Posted by Edward Hedger, Nick Manning and Allen Schick
Note by the PFM Blog Editors: This article summarizes a recently published Report by an International Working Group at the New York University’s Wagner School. A review of the Report by Richard Allen was published in the International Public Management Review (Vol. 1, No. 1, 2020) and can be downloaded at ipmr.net“The difficulty lies not so much in developing new ideas as in escaping from the old ones” J.M. Keynes 
Countless international reports call attention to the public finance implications of combating climate change and its effects, of reversing the trends in income distribution and inequality, and of transforming the quality and accessibility of public services. Yet there is a disconnect between the entreaties to respond to critical priorities and the constancy of advice provided on managing public finances. Public financial management (PFM) has become almost a settled science – ring-fenced in its own compartments, unchanging in its approaches, and seemingly unaffected by the disruptive winds of 21st century governance and policy objectives.
A new report by an International Working Group at the NYU Wagner School considers why this dislocation occurred. It argues that the emergence of a strong and cohesive “discipline” of PFM ideas and experts provides the explanation – and the key to fixing it.
Aggregate control and fiscal discipline have become entrenched over 25 years as the dominant ideas in PFM. At the same time, a distinct and specialised cadre of professionals grew in international organisations, consulting and accounting firms, universities, research institutes, and think tanks. Career tracks, common lexicon and dedicated qualifications followed. The “PFM discipline” has affirmed and reinforced one guiding set of objectives and the institutional means for achieving them. The recent array of guidance notes and advice on how governments should respond to the Covid-19 crisis illustrates forcefully both the reach and the conviction of contemporary PFM practice.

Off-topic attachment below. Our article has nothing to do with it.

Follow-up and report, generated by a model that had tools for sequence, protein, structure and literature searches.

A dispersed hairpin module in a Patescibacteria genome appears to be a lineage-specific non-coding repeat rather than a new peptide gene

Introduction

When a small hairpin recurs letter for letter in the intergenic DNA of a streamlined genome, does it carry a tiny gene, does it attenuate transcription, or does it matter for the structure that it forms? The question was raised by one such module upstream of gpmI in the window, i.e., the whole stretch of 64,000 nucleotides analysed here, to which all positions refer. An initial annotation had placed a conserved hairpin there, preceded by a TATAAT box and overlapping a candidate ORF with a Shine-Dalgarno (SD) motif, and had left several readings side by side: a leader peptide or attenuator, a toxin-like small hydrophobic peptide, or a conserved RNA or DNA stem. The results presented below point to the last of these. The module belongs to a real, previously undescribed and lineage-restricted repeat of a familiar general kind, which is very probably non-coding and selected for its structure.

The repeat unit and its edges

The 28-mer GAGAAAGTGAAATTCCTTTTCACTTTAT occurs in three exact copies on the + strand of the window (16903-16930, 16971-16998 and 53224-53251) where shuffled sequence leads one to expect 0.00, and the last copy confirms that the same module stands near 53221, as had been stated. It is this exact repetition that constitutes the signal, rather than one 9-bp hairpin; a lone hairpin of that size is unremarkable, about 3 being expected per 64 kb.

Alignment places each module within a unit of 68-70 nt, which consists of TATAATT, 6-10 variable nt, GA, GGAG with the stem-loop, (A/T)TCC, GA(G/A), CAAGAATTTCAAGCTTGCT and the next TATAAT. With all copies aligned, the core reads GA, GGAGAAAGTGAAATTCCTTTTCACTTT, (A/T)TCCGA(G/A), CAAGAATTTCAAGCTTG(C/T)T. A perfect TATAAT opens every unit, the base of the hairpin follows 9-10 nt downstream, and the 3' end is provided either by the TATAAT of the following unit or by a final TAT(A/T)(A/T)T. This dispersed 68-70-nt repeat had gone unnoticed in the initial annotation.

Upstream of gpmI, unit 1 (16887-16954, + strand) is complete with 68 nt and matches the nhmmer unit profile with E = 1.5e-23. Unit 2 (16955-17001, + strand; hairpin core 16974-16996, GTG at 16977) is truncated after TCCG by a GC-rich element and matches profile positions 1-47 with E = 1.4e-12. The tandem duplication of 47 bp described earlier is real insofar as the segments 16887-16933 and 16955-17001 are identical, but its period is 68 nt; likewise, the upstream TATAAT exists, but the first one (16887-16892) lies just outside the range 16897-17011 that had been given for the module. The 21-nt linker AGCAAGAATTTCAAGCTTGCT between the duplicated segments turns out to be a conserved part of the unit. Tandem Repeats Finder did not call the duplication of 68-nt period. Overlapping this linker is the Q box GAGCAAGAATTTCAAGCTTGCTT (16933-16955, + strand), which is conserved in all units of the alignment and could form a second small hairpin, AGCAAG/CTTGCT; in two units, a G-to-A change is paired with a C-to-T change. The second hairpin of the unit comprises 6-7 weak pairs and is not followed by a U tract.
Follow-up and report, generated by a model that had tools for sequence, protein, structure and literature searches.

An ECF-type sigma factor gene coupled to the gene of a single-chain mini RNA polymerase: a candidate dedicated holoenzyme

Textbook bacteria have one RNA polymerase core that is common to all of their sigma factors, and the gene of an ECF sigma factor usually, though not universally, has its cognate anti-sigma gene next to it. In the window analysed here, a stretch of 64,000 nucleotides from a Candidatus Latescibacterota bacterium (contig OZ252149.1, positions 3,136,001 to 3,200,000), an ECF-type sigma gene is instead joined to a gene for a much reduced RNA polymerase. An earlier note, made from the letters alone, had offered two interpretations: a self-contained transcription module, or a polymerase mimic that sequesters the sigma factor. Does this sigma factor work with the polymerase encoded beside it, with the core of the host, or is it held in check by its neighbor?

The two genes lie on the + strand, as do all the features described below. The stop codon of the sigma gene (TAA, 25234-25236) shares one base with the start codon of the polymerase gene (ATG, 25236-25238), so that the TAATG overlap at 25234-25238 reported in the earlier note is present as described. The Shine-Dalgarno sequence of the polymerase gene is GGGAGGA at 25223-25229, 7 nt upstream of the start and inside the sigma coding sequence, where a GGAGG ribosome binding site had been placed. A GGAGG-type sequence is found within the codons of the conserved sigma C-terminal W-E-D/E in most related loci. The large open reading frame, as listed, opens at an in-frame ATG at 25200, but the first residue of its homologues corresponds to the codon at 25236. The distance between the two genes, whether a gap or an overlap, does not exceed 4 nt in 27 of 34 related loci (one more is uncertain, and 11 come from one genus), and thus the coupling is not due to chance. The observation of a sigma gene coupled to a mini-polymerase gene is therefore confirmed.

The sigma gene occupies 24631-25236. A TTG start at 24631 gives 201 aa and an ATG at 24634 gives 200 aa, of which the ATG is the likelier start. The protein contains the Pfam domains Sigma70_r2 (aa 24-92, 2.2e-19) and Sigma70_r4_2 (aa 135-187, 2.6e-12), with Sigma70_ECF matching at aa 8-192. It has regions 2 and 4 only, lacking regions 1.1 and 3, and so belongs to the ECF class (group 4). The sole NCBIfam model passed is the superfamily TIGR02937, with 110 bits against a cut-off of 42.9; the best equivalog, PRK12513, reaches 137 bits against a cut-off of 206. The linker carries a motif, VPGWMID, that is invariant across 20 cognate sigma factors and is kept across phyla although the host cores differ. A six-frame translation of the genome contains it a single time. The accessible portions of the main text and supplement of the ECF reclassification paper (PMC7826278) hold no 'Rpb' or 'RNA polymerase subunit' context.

Yet the results of institutional reforms over the past three decades have been uneven and do not justify the certainty they often attract. Progress in building capable bureaucracies has been slow. It is clear too that the objectives of PFM do not pay enough attention to issues such as service delivery, inequality and citizen well-being. They have neglected or marginalised considerations of fairness and the vital distribution function of public finance. Restoring that focus as well as addressing urgent global challenges such as Covid-19 and climate change are top-order policy priorities.
Managing public functions and finances is challenging in the best of times. Never more so than now. Global uncertainty abounds in 2020 and long-held precepts for government action are being questioned. Policymakers are attempting to “follow the science” in the evolving public health response to Covid-19 and are tearing up the rulebook to spur economic recovery after drastic shutdown measures. There is no serious argument that a single and enduring policy approach or set of bureaucratic arrangements will suffice. Why, by contrast, does such professional certainty attach itself to PFM – the institutions and processes for managing public money?
PFM was not always such a settled science. A prominent statement of objectives some 25 years ago—aggregate fiscal discipline, strategic allocation of resources, and efficient operational delivery—spurred enquiry and debate about the management processes and practices needed to achieve them. Frameworks such as PEFA and TADAT emerged as a practical means of specifying desirable PFM processes and assessing performance. Initially intended to provide focus, over time the objectives became seen as universal and exhaustive and the institutional specifications became standard conventions.
Why did a culture of enquiry and debate about approaches to managing public money give way to a fixed and standardised definition of success and recipe for achieving it? What might a refreshed and less doctrinaire approach, fit for the uncertainty and challenges of the 2020s, look like? The NYU Wagner Working Group took up these questions. It contends that the PFM discipline–with its fixed objectives, conventions and expertise–may be a part of the problem rather than the solution. So, what can be done?